Bomb-Bomb Italian Restaurant, 1026 Wolf Street (photo from vrconsierge.com) Our restaurant’s on East Passyunk Avenue, the old business corridor of Italian South Philly. The street’s changed a lot since we opened in 2007. If you knew it in the late 90’s or early aughts, you might wonder where its endearing menagerie of characters have vanished to. While the street retains much of its original charm and grit, some of its more fabulous creatures seem to have moved elsewhere. There was a time when staring out the restaurant’s front window during the day, before service, was like gazing into one of the world’s most eclectic and bizarre fish tanks. There were two Danny DeVito lookalikes who’d pass by daily. My favorite carried his own chair. Not a portable, folding number, mind you, but a wooden chair. He’d plod forward a bit then sit down and collect himself. After a brief spell, he’d move on another 20 or 30 yards and sit down again. Where’d he go? Where’s the older woman who, hand to god, looked and dressed like an aged and savagely debauched Vince Neil, the front man of Motley Crue (themselves avatars for a shameful time in this country’s history)? Where’s the guy - who seemed to have sprung from a poorly maintained exhibit at a heavy metal museum - who’d occasionally flag me down and try to sell me one of several liquor licenses he had “laying around his house”? The bawdy, scooter-bound lady with the cotton-candy hair who’d make passes at one of our line cooks, and habitually tear down the street, sometimes against traffic? The innumerable grifters, wannabe wise guys, small-time operators, and honest folks just off their meds? I think I might have an answer.
In January we sold our house on the much celebrated “Christmas block” of South 13th Street (where, from Thanksgiving until just after New Year’s, the decorative lights are bright enough to read “Crime and Punishment” in 8-point type after dark). We sold that house, our home for twenty-five years, to buy another in Penne, Abruzzo. The house had done yeoman’s service. Refinancing it paid for much of Le Virtú’s buildout, and selling it landed us a home in Italia. We moved to the interstitial zone south of Snyder Ave., between fast-gentrifying East Passyunk and the pristine, little-visited (or understood), uber-Italian rioni of Madonnas on the half shell and elaborate brick work near the stadiums on both sides of South Broad. We rent a loft in a repurposed paint brush factory. The neighborhood is a kind of transitional, often neglected enclave. Rough around the edges, hardscrabble and filthy in places, sharp and well-maintained in others. And I’ve cottoned to it. It reminds me about what might be best about not only this city but the country. It’s worth a visit. On a recent Friday night (yeah, okay, while Cathy worked her shift at the restaurant), I took a long walk through the neighborhood with Magda, a Beagle-mix and the youngest in our pack. She’s a conspicuously happy dog who wants to greet everyone she meets with kisses and high fives (I’m counting her dew claws). A tail-wagging icebreaker. We covered about four miles and walked for over an hour. And a lot of what I saw made me wistful, maybe even hopeful about a country I thought I’d mentally checked out of.
I made some notes. Here’s a brief recollection: As we pass the stately Epiphany of Our Lord church on 11th St., I catch sight of a woman, probably in her 70’s, headed south across Jackson. She’s whippet-thin, heavily made up, tricked out in a decadent brunette wig, hoop earrings, revealing halter-style top, and a mid-thigh mini. She’s schlepping groceries in a wire cart, shuffling along in what look like wool socks and fuzzy bedroom slippers. Waves of pathos and respect. Around the corner from Jackson on 10th St., a man - he looks cirrhotic, probably in his 50’s or 60’s, though it’s hard to tell with the damage, he’s all gristle and sinew - sits in a doorway in a skin-tight kelly-green tee, a beer in hand and half a six-pack at his feet, listening to Rush on a mini-cassette player. A few of the faces that pass me are booze or drug-scarred. Gaits are sluggish, spastic, or manic. The meth and opioid epidemics that have ravaged much of rural and suburban America haven’t spared parts of Philly. You can’t ignore America’s problems in neighborhoods like this, can’t put your head in the sand. Humans we’ve let fall through the cracks, desperate souls living hour to hour, hide in plain sight. Part of you hardens. Turns away. But the best part of you, the annoying part that compromises your sleep, twinges. It’s shameful. On Winton St., the old-guy-who-looks-like-Connie Mack-and-never-seems-to-leave-his-doorway (he’s there every time we pass by, regardless of the hour) greets Magda with his usual enthusiasm. She slobbers and jumps all over him. It’s an affectionate mugging. I get the impression that this is one of the highlights of his day. There are a lot of guys sitting on their stoops, shooting the merda, drinking beers. One listens to the Phillies on his radio, which fills me with nostalgia. For a-not too-distant past. Harry and Richie. My dad. When you pass by, people ask “How you doin’?” When your eyes meet, you say “Hey.” Or smile and nod if you don’t share a language. The denizens don’t hide in their own bubbles, don’t pretend to be living their “best lives.” They’re generally friendly, welcoming. In my experience, anyway. Some of the more recent transplants, younger folks, avoid eye contact, seem startled or even offended when addressed by a stranger. I’m sure that I share 95% of their political affinities. But I don’t get this part.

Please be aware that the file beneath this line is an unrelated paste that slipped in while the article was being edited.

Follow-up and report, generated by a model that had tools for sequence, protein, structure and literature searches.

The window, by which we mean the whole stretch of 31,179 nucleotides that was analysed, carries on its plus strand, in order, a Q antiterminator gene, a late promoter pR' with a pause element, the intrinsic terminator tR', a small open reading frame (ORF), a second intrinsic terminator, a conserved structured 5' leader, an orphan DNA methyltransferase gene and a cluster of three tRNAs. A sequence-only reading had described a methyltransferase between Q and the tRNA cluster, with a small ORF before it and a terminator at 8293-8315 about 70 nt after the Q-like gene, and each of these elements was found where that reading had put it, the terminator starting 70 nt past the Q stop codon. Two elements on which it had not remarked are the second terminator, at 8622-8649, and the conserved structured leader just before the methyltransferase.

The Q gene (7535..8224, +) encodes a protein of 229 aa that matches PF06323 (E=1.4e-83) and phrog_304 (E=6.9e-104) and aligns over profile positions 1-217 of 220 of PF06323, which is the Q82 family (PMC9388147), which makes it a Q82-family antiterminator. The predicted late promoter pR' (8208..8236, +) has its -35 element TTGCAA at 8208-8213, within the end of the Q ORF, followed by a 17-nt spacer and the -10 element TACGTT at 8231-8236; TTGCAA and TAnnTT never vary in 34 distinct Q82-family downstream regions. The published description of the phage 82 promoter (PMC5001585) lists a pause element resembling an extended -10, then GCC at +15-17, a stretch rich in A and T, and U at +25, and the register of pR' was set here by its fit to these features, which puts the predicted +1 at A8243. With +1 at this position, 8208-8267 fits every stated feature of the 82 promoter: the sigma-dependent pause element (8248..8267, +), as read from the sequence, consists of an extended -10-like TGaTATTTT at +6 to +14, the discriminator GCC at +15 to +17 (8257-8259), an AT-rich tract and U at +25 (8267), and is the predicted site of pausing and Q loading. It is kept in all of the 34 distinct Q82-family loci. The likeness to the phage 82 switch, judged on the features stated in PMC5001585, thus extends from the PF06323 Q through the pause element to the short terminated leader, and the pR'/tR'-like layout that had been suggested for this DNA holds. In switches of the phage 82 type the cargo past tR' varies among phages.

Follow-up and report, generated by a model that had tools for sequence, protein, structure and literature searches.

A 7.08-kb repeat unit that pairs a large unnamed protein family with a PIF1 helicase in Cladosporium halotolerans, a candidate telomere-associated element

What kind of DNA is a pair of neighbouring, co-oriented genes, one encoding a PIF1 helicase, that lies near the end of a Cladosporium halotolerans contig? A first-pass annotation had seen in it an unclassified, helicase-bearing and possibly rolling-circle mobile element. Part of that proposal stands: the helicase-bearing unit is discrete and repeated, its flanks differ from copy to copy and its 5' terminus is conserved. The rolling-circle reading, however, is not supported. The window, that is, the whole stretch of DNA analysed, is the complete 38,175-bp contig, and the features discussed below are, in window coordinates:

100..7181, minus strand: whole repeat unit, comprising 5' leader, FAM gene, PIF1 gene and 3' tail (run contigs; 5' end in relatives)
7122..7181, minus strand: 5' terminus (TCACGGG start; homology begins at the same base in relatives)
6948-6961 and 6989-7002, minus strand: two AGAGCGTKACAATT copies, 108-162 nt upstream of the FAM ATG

There are rows of perfectly maintained homes, often with flower displays. Most of the houses are late Victorian or from the first half of the 20th-century. Many have elaborate corbelling or some other embellishment that speaks to a brick mason’s pride. The Italians who settled here were experts in that field. Our walk takes us down Wolf, past Warnock and Bomb-Bomb Bar & Grill, twice bombed in ’36 by local gangsters, whence the name. Bomb-Bomb is a great time, but we’ve not been since the beginning of COVID. Probably time to change that. We pass Frangelli’s bakery on 9th, maybe the best donuts in the city, filled to order, and Candeloro’s “New York” (okay, this moniker annoys me; who the f#@k needs NYC?) Italian Bakery on 11th and Daly, where the aroma of tomato pie perfumes the air for half a block in four directions (and it's crazy good tomato pie). On Hutchison, between Ritner and Porter, perfectly strung multi-colored lights canopy the street. Frida Cantina, a full-service Mexican joint on 9th and Wolf, occupies the spot that used to be Gavone’s. Catty-corner across Wolf is the brightly lit Los Gallos Taqueria. Walking south down 7th from Jackson to Ritner, we pass Honduran, Cambodian, and Vietnamese restaurants, and Cambodian and Burmese grocery stores. Actually, there are more Cambodian places than I can remember, with Mexican and Vietnamese joints in between. I’d started a count but was interrupted when Magda found some discarded chicken bones on the sidewalk. All over this neighborhood, the streets provide her an impromptu feast. I’d had to pull a pizza crust out of her mouth a few blocks over. No small feat, by the way. Anyway, the entrepreneurial impulse is alive and well. And is there anything more American than that?